ERISA provided a framework for corporate retirement plans. And, in 1974, before paragraph (k) had been added to Section 401 of the Internal Revenue Code, the predominant employer-provided retirement income came from defined benefit (DB) plans. Unions bargained for them, and what the unions got, management wanted. Also, back in 1974, it was not unusual that if there was a company that an employee worked for in their mid-to-late 20s that that employee would eventually retire from that company. If you, as an employer, promised that employee a pension, you could expect 30 or more years of loyalty from that employee.
So, ERISA set up a minimum funding regime regime for DB plans. If you were using what is known as an immediate gain (or loss) actuarial cost method (if you know what that means, you don't need an explanation and if you don't know what it means, you don't want an explanation), then your minimum funding requirement for the year was the sum of these elements:
- The normal cost or the actuarial present value of benefits accruing during the year
- Amortization over 30 (or 40) years of the unfunded liability remaining from inception of the plan or transition to ERISA
- Amortization over 30 years of the actuarial liability emerging due to changes in plan provisions, the thought likely being that you got 30 years of value from the amendment
- Amortization over 30 years of the actuarial liability emerging due to changes in actuarial assumptions
- Amortization over 15 years of the actuarial liability emerging due to actuarial gains and losses (deviations from the expected)
- A few other elements that rarely came up
By the mid-1980s, DB plans were generally pretty well funded, and most of those that were not yet fully funded were getting much closer than they had been. The exceptions, for the most part, were plans sponsored by companies in dire financial straits that often convinced their actuaries to use fairly aggressive actuarial assumptions, or companies that frequently provided large benefit increases that had not yet been funded.
In 1986, we were graced with the Tax Reform Act (TRA86), a massive and sweeping change to the entire Internal Revenue Code -- so massive, in fact, that the Code was renamed from the Internal Revenue Code of 1954 to the Internal Revenue Code of 1986, a moniker it keeps to this day. A not insignificant portion of TRA86 included changes to pension funding rules. Amortization periods were shortened. For the most part, this increased required contributions for underfunded plans, which in turn increased corporate tax deductions.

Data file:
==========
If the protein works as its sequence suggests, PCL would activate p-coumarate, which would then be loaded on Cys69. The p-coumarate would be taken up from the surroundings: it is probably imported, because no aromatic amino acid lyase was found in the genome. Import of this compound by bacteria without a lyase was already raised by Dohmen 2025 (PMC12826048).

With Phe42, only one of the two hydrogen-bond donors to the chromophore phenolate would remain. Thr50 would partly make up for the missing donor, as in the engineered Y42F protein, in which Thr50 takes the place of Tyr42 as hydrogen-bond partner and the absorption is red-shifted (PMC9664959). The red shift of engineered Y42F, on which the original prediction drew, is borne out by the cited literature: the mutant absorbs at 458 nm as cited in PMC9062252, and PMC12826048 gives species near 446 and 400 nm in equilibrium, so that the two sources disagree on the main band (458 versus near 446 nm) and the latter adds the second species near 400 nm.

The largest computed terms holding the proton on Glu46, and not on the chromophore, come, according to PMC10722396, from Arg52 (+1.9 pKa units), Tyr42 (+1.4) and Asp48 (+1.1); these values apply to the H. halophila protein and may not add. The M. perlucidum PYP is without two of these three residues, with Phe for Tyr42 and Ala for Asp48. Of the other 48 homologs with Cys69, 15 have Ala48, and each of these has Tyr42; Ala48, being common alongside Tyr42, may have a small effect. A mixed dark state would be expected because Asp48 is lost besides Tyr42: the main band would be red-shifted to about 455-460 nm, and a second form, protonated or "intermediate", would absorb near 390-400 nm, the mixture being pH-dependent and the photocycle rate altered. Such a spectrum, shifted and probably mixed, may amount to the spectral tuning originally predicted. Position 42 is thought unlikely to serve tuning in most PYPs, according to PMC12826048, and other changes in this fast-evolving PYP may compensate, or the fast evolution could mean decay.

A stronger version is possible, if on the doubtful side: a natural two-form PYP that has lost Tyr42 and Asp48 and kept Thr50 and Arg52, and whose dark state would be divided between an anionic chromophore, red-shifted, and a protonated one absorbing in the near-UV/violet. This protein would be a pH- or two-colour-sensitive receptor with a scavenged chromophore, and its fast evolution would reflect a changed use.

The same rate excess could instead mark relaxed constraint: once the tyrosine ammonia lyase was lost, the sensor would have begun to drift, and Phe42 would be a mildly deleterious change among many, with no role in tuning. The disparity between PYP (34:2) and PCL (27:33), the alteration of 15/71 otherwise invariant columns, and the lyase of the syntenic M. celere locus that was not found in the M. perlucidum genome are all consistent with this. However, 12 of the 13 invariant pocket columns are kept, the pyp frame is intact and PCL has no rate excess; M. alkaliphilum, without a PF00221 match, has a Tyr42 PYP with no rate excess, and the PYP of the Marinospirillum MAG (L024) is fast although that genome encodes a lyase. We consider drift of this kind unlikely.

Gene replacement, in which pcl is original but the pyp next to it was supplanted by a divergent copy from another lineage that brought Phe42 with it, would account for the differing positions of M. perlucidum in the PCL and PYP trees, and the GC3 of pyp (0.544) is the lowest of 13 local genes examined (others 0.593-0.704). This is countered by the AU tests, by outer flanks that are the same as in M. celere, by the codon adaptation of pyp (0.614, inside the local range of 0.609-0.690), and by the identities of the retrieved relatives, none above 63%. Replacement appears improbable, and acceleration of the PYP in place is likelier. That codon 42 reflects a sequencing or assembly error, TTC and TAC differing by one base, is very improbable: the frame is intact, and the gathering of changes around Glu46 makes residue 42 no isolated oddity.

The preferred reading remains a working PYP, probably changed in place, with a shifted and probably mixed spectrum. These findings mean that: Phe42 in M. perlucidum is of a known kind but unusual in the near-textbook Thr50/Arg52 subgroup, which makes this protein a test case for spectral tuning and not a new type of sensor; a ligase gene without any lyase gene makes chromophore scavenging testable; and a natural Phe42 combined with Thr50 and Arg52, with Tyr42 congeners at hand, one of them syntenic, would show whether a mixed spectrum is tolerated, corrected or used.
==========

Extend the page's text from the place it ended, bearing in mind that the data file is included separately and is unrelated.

Those new rules were revamped quickly. Just a year later, embedded in the Omnibus Budget Reconciliation Act of 1987 (OBRA87) was the Pension Protection Act of 1987. OBRA87 was the annual budget bill. And, has become the trend, each powerful legislator had his own pet spending project. To pay for all that pork, either a revenue generator or a decrease in tax expenditures (a fancy name for deductions) was needed. OBRA87 found a useful tool in DB pension plans. How is that? Just change the funding rules to decrease required contributions and tax deductions will go down which in a backhanded sort of way increases revenue for the government. of course, this was thinly veiled in a complex set of new requirements that applied only to underfunded plans.
A star was born!
Congress needs a revenue raiser? Change the funding rules. Cut the maximum benefit limitations. Change required interest rates.
With this new toy, Congress looked at changes in pension rules at least every other year. It created uncertainty for employers. Yes, they could plan and budget based on current rules, but they lived in fear that the rules would change. That's a tough way to run a business. Many of those plan sponsors froze their pension plans. Many of them wanted to terminate their plans, but interest rates were so low that the cost of terminating those plans was too high.
Fast forward to 2006. Coming out of the economic malaise and stock market tumble at the beginning of the decade, many plans were underfunded on an accrued benefit basis using market-based discount rates. It was time to protect pensions yet again. Thus was born the Pension Protection Act of 2006 (PPA), the most sweeping change to corporate pensions since ERISA. It provided a regime that essentially ensured that underfunded plans would be fully funded within 7 years. Employees would get their pensions.
But, those extra contributions from employers are tax deductible. That's an extra burden on the government. And, it was just one year later (falling from its October 11, 2007 peak) that the markets crashed yet again. Employers couldn't afford these new levels of required contributions. But. Congress had an agenda to help those employers and help themselves.
Welcome pension smoothing in the form of several laws since then. PPA brought us 7-year funding based on "fair market" conditions and assumptions. Pension smoothing undid that and then undid it again and undid it again as Congress invoked its favorite toy at least 3 times in the period following the signing of PPA. Employers had funding relief. Congress had its decrease in tax expenditures. Employees in pension plans had less funded benefits and the rules got so complex that almost nobody wanted to sponsor a pension plan anymore.
And, the places that pension funding relief gets buried are just amusing. I think the 2014 relief is my favorite -- the Highway and Transportation Funding Act of 2014 (HATFA). That's right. Congress decided it was time to improve our roadway system, but new roads don't come for free. So, to help pay for this, Congress invoked its favorite tax toy, pension funding relief.
Shame on them!